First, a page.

In the mid-1970s as a newly minted community marketing exec for Spokane, Washington, one of the first people to drop by my office was an ad rep named John Kelly.
We couldn’t afford what John was offering, but in the process he gave me a peek at his parent company’s new research: one of the first, if not the very first, in-depth breakdown of the entire marketplace of conventions and meetings.
The next year John joined Alaska Airlines but our paths would cross several more times. He was head of marketing there when I was running Anchorage, my second DMO. Shortly after I was recruited to Durham he became head of Horizon Airline and then head of Alaska Airlines.
But the day of our first meeting sticks in my mind because the sixteen subsequent reports commissioned by M & C Magazine that I utilized before I retired from that profession, were something for which I found an alternative use.
Even more important than rationalizing how to reach convention decision makers, I somehow saw them as a way to zero in on metrics that would help us calibrate market share not only for Spokane, but for the two other community DMOs I ran during my career.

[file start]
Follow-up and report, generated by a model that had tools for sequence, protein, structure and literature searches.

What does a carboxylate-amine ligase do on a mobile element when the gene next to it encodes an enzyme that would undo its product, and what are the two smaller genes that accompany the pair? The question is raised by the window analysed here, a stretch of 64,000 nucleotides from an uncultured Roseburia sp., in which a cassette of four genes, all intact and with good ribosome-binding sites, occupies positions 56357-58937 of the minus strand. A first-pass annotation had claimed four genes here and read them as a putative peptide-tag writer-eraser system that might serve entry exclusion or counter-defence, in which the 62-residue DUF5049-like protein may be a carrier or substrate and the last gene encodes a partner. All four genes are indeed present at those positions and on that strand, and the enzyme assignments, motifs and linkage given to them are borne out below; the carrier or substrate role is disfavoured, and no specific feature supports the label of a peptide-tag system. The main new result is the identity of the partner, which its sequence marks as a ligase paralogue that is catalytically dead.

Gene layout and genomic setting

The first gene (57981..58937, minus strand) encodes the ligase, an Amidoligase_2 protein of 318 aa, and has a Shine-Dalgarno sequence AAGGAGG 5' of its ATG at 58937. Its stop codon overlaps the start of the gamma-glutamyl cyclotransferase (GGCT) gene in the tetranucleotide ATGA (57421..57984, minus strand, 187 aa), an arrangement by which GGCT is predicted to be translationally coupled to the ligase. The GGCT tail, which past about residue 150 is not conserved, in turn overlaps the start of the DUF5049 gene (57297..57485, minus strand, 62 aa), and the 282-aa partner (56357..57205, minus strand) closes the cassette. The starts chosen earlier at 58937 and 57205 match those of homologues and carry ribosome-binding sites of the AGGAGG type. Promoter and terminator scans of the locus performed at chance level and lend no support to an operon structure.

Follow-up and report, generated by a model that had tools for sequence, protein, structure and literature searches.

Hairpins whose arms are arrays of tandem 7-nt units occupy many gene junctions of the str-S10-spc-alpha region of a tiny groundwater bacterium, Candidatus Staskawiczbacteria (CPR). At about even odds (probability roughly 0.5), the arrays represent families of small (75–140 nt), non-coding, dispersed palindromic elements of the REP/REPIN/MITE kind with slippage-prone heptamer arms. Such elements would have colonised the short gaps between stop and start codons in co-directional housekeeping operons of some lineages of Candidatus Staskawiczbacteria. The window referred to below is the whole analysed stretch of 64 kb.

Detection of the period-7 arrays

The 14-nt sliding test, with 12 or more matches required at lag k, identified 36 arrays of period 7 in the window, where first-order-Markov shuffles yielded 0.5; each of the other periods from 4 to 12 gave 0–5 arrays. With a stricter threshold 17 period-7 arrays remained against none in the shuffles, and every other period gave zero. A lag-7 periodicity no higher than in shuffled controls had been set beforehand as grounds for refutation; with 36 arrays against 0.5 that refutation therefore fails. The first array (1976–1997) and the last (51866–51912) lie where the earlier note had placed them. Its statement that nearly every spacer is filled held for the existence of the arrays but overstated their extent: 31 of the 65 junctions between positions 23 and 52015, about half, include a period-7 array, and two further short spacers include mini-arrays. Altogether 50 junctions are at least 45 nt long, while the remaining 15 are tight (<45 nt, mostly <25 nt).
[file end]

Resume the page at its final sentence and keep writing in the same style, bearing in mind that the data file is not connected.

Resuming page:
Market share is a way to set realistic goals and allocation of resources based not only on generating demand but calibrated to changes in supply. It is also a means by which a community can assist developers and avoid the churn that comes with overbuilding.
It also helps a community avoid over-reliance on any one market segment of visitors.
As John and I talked that day, Spokane was spending $2 million to convert what had been the state pavilion during the just-concluded World’s Fair into its intended after-use as a convention center, for which it had been carefully designed.
It was also from these reports and warnings from the sentinel heads of a few major hotel chains, that a few DMO execs began to detect in the early 1980’s that the meetings market was losing steam.
But for fits and starts, it has declined now to about 10% of overall visitors potential.
A consultant isn’t needed to compute a community’s fair market share or potential. Roughly it goes as follows:
Take the gross number of meetings and attendees nationwide. Separate corporate and small association/government meetings from the 1% that are major conventions. Separate the groups that rotate across the nation from groups that stay within a region or state.
Take size breakdowns and calibrate them for the roughly half or more that are day trippers from those who use hotels e.g., 57% market-wide and match it against overall community capacity.
Discount for the proportion that meet in a community’s peak season for transient business or leisure leaving the percentage that meet in a given community’s “needs” seasons.
Narrow down potential by those rotating to any given region during a given year, e.g. 23% in the South Atlantic. Separate the proportion that use convention centers e.g. 30%, from those that use hotels, broken down by downtown, suburban and airport etc.